Let me appologize too. I wasn't offended, and obviously came across as if I were. Not the case. As a matter of fact the CBrack resulted from just exactly what you describe in your first post. I looked for something to buy to do exactly what the CBrack does. Wasn't on the market, so I tried to fab something in my own small shop. Had some aluminum left over from another job that did NOT involve bending the aluminum. Hadn't ever done any sheet metal fabrication, but it ain't rocket science. Lest I be accused of putting sheet metal people down, I'm not doing that either. Trying to make the point that the CBrack is a simple design. It is easy to make IF you have the right tools. A half inch bolt is a simple design too. Try making one in your shop out of a piece of drill rod and a file. Tools again, but the conceipt is simple. Figured I'd spring for a small sheet metal brake cause I didn't have one and figured I'd find more use for it in the future. It was a good excuse to add a tool to my shop. Long story short, the $500 or $600 bench brake that I anticipated turned into a 1,900 pound $3,800 monster. It was SMALLEST box and pan brake that would do the job I needed done. NO motors either, all man power. Because of the compound angles a box and pan brake is necessary. A regular solid brake will not work.
I looked at a picture of the new Tuffy console. The two units are the same in principle only. It appears, and let me emphasize that I have not seen one close up, but it appears that you can put some definite pros and cons on each side of a fairly easily defined line. Without further investigation I will propose that the Tuffy excells in protection from theft and having something that has moving parts if that impresses you. The CBrack does not protect from theft, but offers more mounting room, will hold more weight, is lighter (weight and the fact that the CBrack has two additional mounting points in the windshield frame is the reason it will hold more weight), is about half the price of the Tuffy, but has no "glove compartment" type storage. I am assuming that the Tuffy does have this type of storage, although I could not see that in the small picture I saw.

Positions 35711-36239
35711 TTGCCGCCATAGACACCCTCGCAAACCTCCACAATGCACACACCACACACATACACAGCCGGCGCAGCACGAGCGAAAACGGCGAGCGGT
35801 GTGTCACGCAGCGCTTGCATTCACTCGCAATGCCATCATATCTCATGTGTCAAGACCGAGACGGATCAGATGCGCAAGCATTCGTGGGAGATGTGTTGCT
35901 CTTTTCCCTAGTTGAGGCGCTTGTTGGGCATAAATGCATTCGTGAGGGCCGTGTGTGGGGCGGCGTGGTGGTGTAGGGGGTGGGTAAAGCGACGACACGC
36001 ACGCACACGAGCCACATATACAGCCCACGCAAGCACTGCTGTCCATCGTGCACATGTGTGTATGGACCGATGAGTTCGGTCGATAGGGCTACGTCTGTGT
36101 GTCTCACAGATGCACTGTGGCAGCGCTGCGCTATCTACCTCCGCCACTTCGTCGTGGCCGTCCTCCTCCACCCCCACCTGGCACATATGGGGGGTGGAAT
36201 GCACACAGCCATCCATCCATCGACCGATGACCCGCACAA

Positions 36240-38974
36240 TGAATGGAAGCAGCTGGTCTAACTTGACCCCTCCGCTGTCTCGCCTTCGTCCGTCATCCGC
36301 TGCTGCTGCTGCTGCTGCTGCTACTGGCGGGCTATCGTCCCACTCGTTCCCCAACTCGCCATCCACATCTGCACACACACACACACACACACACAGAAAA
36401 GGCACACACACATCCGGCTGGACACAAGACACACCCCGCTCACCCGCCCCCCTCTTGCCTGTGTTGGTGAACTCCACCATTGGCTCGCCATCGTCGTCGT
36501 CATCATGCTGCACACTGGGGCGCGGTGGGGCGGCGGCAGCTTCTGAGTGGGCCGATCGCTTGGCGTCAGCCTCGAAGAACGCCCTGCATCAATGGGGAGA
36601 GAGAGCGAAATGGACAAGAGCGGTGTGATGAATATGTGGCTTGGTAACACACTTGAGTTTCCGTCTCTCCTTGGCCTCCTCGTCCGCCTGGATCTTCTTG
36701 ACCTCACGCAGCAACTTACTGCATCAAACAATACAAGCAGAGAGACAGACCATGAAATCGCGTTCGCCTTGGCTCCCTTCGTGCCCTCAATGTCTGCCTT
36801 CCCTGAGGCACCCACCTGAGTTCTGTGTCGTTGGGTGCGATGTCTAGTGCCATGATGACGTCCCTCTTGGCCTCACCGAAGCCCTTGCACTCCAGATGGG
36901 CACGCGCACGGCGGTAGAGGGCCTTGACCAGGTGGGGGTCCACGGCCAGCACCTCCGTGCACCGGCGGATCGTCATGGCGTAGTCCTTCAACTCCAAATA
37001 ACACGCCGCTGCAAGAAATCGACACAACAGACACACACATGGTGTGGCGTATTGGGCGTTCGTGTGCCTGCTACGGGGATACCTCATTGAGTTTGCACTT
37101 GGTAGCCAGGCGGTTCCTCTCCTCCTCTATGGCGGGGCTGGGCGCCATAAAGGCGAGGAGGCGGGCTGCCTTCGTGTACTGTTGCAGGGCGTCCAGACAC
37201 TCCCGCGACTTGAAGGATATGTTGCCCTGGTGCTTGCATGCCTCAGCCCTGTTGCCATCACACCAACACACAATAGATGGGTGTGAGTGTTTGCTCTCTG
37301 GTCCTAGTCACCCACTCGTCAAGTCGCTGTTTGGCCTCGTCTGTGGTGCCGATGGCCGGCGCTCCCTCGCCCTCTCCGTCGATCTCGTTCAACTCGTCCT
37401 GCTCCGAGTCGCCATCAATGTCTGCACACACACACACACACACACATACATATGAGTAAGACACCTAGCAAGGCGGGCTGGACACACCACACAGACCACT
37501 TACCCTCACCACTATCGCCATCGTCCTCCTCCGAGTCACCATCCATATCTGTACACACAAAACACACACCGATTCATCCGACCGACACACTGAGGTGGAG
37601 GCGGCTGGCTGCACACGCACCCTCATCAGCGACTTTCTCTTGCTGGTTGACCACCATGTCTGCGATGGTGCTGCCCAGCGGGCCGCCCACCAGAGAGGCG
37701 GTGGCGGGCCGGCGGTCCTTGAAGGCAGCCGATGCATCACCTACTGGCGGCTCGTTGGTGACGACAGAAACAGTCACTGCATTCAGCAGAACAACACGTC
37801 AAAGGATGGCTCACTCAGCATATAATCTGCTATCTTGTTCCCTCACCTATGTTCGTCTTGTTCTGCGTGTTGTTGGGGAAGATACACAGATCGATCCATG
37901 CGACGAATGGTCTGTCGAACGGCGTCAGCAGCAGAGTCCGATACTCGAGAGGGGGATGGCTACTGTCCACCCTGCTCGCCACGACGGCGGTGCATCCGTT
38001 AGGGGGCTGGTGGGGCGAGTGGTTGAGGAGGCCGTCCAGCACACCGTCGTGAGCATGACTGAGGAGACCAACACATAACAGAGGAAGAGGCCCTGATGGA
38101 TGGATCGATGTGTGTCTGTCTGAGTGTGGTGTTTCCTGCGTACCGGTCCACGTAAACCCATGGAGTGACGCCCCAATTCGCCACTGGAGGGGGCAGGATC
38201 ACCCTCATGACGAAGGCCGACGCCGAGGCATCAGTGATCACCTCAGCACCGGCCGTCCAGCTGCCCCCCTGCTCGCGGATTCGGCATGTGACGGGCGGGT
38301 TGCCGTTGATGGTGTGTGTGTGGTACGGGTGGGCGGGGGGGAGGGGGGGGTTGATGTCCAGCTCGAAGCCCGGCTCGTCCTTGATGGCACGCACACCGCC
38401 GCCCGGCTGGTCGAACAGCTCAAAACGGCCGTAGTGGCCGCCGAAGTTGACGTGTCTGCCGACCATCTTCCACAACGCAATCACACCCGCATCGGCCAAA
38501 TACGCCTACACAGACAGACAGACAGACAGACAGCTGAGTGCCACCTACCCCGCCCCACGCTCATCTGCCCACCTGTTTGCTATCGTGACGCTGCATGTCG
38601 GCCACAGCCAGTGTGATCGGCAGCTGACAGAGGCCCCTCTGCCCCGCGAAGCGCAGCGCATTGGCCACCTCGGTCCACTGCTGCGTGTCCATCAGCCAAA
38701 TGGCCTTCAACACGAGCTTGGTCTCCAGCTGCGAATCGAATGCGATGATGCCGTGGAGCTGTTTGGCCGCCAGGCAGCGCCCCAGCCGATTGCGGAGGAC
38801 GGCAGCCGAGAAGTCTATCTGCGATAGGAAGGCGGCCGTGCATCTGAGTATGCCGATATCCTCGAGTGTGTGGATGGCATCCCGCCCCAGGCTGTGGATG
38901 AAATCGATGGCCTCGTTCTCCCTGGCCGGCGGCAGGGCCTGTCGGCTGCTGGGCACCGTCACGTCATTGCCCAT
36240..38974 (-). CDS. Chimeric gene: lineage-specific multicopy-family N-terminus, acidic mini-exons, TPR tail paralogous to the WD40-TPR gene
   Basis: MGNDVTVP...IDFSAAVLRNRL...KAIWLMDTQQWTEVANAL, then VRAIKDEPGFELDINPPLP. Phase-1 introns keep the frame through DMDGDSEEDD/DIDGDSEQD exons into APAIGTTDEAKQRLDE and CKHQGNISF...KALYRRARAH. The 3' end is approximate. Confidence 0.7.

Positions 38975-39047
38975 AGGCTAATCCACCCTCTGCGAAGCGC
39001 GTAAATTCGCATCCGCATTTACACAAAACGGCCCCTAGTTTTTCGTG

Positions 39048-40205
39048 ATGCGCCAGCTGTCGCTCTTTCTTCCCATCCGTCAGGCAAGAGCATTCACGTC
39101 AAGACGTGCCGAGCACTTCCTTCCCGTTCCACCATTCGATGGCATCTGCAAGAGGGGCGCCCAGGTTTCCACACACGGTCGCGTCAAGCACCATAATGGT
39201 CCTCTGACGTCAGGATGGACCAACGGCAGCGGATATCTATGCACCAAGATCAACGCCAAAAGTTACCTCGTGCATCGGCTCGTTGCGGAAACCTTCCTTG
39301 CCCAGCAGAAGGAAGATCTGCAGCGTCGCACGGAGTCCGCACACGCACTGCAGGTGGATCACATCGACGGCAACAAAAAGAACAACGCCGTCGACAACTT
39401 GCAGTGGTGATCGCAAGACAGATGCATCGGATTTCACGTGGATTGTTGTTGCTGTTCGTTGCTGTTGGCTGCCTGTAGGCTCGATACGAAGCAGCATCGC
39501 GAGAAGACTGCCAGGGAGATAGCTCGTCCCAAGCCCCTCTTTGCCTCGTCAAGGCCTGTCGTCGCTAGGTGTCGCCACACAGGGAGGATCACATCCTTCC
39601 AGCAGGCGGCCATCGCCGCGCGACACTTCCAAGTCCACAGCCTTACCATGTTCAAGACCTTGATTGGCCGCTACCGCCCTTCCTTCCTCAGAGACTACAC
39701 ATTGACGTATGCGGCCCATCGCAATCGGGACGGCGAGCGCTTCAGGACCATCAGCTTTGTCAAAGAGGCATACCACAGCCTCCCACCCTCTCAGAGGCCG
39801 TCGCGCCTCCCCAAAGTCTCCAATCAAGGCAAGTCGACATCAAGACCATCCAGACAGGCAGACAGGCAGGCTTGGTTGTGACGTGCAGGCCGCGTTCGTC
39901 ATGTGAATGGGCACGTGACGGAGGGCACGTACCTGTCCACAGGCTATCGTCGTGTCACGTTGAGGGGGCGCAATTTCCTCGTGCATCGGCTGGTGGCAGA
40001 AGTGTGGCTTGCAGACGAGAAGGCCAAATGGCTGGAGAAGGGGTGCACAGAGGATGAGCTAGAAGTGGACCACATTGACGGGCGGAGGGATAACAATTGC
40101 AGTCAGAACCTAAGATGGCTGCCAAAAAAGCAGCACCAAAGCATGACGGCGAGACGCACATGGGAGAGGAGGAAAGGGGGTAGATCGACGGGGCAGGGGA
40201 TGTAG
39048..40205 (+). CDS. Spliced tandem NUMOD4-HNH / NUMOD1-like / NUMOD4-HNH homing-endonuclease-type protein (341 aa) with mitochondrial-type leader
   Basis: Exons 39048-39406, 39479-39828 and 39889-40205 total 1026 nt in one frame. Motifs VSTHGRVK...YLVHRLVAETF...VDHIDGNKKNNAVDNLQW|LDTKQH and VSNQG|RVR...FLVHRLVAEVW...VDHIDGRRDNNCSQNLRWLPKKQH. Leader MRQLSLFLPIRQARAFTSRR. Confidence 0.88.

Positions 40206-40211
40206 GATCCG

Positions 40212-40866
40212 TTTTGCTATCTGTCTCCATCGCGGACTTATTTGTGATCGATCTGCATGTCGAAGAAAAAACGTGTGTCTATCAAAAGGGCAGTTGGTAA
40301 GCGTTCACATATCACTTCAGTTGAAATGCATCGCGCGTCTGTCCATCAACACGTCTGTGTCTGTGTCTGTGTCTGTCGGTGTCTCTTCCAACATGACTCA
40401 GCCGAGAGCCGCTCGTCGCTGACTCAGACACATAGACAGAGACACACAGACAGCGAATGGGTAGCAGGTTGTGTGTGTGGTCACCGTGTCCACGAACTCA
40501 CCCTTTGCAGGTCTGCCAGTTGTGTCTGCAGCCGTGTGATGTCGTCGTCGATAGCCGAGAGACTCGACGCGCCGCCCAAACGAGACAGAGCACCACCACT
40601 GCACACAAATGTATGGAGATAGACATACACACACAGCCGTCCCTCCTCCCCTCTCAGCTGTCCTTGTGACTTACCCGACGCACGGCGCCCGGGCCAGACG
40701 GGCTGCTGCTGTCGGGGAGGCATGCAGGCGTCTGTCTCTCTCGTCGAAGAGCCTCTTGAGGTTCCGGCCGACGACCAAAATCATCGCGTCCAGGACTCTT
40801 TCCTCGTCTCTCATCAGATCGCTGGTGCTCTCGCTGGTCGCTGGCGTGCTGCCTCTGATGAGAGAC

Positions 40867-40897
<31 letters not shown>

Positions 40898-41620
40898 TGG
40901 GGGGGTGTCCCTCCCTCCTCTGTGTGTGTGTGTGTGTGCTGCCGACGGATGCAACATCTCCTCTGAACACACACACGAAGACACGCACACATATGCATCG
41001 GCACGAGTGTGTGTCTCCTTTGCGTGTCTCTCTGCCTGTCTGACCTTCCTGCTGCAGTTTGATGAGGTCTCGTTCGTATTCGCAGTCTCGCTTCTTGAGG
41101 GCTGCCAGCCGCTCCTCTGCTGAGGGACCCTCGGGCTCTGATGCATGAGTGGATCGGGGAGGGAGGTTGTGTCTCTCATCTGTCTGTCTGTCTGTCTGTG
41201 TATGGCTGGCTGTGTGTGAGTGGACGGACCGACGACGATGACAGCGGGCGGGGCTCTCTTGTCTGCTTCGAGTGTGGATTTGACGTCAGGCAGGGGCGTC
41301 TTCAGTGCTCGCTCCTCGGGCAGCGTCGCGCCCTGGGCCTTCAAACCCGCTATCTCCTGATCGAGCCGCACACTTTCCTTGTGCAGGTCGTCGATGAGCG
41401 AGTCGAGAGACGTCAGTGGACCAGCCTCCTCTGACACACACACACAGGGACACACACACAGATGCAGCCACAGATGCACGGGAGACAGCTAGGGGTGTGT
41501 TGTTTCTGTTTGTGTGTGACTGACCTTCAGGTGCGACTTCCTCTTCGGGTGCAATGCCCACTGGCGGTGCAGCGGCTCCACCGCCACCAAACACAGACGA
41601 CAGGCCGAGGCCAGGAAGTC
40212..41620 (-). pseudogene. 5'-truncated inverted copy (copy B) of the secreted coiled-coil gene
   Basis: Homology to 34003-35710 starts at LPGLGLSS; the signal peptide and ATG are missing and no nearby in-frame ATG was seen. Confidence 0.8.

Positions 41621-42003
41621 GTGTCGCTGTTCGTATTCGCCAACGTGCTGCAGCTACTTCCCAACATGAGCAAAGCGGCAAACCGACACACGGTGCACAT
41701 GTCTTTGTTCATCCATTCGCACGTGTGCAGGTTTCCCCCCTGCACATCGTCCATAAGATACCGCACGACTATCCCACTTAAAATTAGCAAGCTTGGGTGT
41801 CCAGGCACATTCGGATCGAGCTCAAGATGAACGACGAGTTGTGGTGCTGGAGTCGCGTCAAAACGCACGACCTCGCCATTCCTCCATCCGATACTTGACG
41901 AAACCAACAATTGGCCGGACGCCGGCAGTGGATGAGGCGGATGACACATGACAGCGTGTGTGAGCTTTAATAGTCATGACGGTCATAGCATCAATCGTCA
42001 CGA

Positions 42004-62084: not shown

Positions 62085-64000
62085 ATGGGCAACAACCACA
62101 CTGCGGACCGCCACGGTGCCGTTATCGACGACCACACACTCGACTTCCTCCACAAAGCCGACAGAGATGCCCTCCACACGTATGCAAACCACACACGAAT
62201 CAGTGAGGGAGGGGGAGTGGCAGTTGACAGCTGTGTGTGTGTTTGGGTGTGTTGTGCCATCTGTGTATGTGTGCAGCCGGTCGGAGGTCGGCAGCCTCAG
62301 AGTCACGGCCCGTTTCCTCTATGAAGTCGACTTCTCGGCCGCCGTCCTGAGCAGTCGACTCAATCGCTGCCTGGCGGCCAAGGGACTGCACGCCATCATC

Getting back to the material used in the CBrack, it is perhaps heavier and stronger that it needs to be for "normal" usage. My design is aimed at the street market as well as the off road market. It is built to withstand the rigors of off roading not only the bouncing around, but also weather, tree limbs, and the ultimate - using it for an "oh, sh--" grab handle. It will do it all. I weigh over 300 lbs. Don't move around very well especially in cramped quarters. I regularly use my CBrack to pull myself up out of the driver's seat. Not a problem.
Last weekend I attended a 3 day run in Hot Springs, Ark. - A Superlift run. Ran across one of my earlier CBracks mounted on a TJ. The unit is close to 2 years old. The owner had a large CB, his cell phone, a huge CD changer, a speaker and a couple of smaller odds and ends mounted on the CBrack. Looked like part of the console of an airplane or maybe an old county sheriff's car. He was very happy with it. Don't believe there would be enough room on the Tuffy unit to mount all that stuff.
There may be some competitive aspects between the Tuffy and the CBrack, but I believe people will have good reason to buy either one. Might be price, security, usability, ease of modification or appearance. Doubt seriously my sparkling personality will be a factor. /wwwthreads_images/icons/smile.gif
Doug '97 TJ
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